Well, I suppose it’s time for me to confess one of my least accurate technology assessments of the last 5 years or so.
Back in 2002, I was a consultant evaluating different open-source content management systems for my company, with an eye towards potentially adopting one as our in-house development platform. After looking over what seemed like dozens of them, I came away dissatisfied with the lot.
That’s neither here nor there (they ended up writing their own CMS in the end), except for one thing I said in evaluating the Zope CMS:
… cool architecture, but only lets you code in Python, a dead-end language.
Yep, I called Python, which has blossomed in the last few years into such popularity that people speak seriously about it replacing Java, a “dead-end language.” Doh!
What I was getting at with that remark was my sense at the time that Python was interesting in an academic sense, but not a business sense; it might be really cool, but there weren’t many people using it, the tools were thin on the ground, and you were generally locking yourself into a limited space if you went with it. Compared to the thriving ecosystem around PHP, for example, it didn’t seem that compelling.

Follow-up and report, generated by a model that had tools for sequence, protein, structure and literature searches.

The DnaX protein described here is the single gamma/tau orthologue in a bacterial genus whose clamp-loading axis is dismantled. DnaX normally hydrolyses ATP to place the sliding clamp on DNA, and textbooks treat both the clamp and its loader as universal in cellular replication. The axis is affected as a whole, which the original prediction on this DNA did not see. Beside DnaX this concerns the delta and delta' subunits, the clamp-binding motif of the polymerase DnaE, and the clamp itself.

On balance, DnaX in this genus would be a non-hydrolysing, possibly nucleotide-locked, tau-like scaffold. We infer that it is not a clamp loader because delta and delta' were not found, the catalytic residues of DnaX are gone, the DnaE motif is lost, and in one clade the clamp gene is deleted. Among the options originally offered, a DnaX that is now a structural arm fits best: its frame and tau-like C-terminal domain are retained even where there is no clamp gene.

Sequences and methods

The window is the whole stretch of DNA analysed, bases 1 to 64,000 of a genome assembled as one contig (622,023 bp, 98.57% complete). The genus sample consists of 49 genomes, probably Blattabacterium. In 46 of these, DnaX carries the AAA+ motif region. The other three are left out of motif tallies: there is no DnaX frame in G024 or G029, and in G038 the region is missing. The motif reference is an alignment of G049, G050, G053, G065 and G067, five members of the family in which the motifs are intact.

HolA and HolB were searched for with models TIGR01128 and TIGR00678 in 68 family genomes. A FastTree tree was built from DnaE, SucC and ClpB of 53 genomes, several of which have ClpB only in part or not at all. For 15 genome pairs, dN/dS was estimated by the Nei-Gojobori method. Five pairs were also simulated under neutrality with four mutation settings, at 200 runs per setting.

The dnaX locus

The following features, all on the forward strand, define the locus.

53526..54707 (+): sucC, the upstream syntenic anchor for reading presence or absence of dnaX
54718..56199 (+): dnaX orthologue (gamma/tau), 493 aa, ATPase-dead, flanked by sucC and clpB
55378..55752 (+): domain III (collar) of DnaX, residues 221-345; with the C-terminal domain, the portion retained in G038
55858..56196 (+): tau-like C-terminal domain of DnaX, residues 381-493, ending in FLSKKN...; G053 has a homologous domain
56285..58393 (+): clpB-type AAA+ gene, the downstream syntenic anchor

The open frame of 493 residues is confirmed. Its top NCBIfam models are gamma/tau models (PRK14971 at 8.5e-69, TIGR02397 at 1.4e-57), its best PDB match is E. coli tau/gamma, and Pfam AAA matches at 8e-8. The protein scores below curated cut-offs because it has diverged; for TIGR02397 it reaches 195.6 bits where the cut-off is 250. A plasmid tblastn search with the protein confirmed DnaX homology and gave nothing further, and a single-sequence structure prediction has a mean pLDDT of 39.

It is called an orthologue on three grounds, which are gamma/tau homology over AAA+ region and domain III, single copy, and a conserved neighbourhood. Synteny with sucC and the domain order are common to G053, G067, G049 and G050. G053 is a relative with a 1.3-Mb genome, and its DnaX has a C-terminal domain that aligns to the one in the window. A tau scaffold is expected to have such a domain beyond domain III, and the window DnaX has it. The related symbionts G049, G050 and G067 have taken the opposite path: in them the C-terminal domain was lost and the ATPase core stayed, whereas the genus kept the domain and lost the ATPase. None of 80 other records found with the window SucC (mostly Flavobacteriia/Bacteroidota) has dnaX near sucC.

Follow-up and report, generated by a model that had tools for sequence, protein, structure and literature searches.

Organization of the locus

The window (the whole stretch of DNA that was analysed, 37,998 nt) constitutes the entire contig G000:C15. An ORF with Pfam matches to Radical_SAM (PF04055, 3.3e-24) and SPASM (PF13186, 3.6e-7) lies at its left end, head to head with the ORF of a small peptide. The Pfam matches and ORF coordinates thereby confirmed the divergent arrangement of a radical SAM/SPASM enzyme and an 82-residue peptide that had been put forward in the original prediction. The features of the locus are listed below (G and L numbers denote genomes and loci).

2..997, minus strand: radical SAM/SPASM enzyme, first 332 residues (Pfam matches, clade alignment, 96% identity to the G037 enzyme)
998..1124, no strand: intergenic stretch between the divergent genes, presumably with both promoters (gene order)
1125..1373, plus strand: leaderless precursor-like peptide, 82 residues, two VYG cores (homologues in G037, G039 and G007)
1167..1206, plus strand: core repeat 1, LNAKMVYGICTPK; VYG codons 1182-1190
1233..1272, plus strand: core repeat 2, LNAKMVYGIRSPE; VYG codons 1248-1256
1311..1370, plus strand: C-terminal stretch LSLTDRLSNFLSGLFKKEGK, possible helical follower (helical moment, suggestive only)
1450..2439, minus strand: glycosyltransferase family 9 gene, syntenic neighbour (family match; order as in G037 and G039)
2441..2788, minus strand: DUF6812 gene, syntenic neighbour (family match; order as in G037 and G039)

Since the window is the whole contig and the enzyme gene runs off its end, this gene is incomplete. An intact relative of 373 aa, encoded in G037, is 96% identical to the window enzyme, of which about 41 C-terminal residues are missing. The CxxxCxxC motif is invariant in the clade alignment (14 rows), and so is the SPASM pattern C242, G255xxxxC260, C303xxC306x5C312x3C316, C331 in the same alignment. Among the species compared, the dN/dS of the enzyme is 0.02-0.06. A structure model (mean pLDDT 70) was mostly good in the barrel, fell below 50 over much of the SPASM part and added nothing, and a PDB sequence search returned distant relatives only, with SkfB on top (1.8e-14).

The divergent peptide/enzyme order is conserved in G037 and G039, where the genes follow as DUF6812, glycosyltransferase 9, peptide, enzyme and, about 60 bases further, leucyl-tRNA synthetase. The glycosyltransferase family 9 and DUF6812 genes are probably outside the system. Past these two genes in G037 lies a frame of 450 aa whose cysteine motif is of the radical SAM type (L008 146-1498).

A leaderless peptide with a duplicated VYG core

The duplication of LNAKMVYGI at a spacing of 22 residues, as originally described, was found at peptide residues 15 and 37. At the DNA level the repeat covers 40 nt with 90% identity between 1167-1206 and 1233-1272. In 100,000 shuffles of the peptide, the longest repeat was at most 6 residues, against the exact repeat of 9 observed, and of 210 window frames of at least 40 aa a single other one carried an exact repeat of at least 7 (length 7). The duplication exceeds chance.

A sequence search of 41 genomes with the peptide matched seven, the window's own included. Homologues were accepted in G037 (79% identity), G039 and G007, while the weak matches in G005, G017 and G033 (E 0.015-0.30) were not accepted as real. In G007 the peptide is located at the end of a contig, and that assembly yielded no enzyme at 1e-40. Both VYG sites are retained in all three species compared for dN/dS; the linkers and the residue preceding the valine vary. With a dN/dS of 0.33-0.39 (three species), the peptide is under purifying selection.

I was clearly wrong on that score. Python eventually gained critical mass, there’s now a raft of good tools that work with it, and it’s finding its way into more and more niches every day. (Some of its buzz has been stolen in the last few months by Ruby, but Ruby in 2006 has a lot of the same problems I saw Python having in 2002.)
All of which is a rather long-winded way of saying that I decided recently that, as penance for being so dumb four years ago, I should sit down and try to learn how to program in Python.
I won’t bore you with a lot of details about what makes Python different from other languages. The short version is that Python is a joy. I was really, honestly surprised by both how quickly I was able to be productive with it, and how much I could get it to do with just a few lines of code. For someone whose “real programming” experience started with the verbosity of Perl, Python is an eye-opener.
Now I find myself tempted to dive into the deep end and start playing with Python-based frameworks like Django and TurboGears for my Web development work. And then there’s Jython, which brings the Java class libraries into Python, to explore, as well as wxPython for GUI apps…
Anyway, if you’ve been like me and had your eyes closed to Python for the last few years, take this as my recommendation that you drop your preconceptions and check it out. I think you’ll like what you find.